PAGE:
Delta Air Lines is working frantically to clear a backlog of delayed services around the world were grounded due to a computer blackout.
Only just over half of the giant US carrier’s 6,000 daily flights had operated by the end of the day.
More than 100 flights are expected to be cancelled and at least 200 face further delays today as Delta continues to recover from the loss of power that affected its computer systems worldwide ay 2.30 am on Monday morning US time.
Flights began to resume six hours later but the power failure at Delta’s Atlanta headquarters grounded flights across the US, in Japan, Italy and the UK.
An investigation has been launched after some “critical systems” and network equipment failed to switch over to the airline’s backup systems following the loss of power.
The carrier is offering compensation to thousands of passengers “significantly affected” by delays and cancellations across its global network.
Travel vouchers worth $200 are being provided to passengers who suffered delays of more than three hours or had their flight cancelled by the system-wide power outage.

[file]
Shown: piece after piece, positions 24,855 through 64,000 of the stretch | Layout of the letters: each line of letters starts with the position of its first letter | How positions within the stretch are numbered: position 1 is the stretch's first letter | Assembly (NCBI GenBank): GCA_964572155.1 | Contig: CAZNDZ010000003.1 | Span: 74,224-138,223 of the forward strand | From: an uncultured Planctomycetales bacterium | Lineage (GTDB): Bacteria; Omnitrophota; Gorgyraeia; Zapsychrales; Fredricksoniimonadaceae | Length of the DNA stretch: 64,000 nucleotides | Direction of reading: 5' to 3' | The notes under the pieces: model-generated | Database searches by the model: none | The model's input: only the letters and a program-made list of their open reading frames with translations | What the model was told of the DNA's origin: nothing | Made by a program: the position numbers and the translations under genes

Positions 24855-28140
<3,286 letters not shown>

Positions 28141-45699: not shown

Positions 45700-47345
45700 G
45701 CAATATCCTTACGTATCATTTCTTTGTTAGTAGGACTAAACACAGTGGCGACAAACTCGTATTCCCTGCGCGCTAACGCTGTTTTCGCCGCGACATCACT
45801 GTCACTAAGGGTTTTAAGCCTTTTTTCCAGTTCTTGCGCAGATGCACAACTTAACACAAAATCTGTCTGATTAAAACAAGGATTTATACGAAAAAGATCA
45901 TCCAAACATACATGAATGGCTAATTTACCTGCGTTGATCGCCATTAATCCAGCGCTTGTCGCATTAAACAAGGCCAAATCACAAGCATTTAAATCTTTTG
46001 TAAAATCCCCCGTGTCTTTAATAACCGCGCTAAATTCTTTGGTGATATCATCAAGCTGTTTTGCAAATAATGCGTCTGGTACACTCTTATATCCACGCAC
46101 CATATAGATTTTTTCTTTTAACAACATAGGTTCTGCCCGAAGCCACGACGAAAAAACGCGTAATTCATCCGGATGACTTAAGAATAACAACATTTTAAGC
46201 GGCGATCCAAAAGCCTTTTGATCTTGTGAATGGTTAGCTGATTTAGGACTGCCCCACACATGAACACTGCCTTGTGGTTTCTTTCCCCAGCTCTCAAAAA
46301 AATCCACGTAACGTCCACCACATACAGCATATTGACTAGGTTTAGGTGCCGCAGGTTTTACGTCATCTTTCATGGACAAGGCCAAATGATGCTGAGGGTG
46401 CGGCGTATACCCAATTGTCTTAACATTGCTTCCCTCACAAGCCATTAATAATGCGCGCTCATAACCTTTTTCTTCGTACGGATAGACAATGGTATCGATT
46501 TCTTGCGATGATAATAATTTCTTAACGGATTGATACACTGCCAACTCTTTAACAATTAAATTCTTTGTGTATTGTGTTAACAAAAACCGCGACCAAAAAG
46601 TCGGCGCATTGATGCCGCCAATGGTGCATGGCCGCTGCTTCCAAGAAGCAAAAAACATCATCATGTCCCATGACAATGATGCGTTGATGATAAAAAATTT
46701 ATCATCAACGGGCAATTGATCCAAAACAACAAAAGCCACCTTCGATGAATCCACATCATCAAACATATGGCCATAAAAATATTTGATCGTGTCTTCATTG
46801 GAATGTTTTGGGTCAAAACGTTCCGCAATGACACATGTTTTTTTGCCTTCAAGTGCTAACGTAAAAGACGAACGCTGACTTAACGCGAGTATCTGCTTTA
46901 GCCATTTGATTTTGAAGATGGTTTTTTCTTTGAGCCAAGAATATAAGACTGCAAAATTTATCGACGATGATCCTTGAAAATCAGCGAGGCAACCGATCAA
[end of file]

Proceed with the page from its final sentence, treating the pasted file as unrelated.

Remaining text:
Flights operated by Delta’s transatlantic partner Virgin Atlantic were unaffected. But passengers on Delta flights booked through Virgin Atlantic to fly yesterday have been offered the chance to rebook without penalty provided travel is completed by Friday.
Delta chief executive Ed Bastian apologised to passengers for the disruption and gave an assurance that staff are working "all hands on deck" to bring the flight schedule back to normal.
Chief operating officer, Gil West, said: “We know that travellers value our commitment to excellent operational performance, and today we did not deliver on that commitment.
“We want our customers to know we are thoroughly investigating the matter and that we are truly sorry.”
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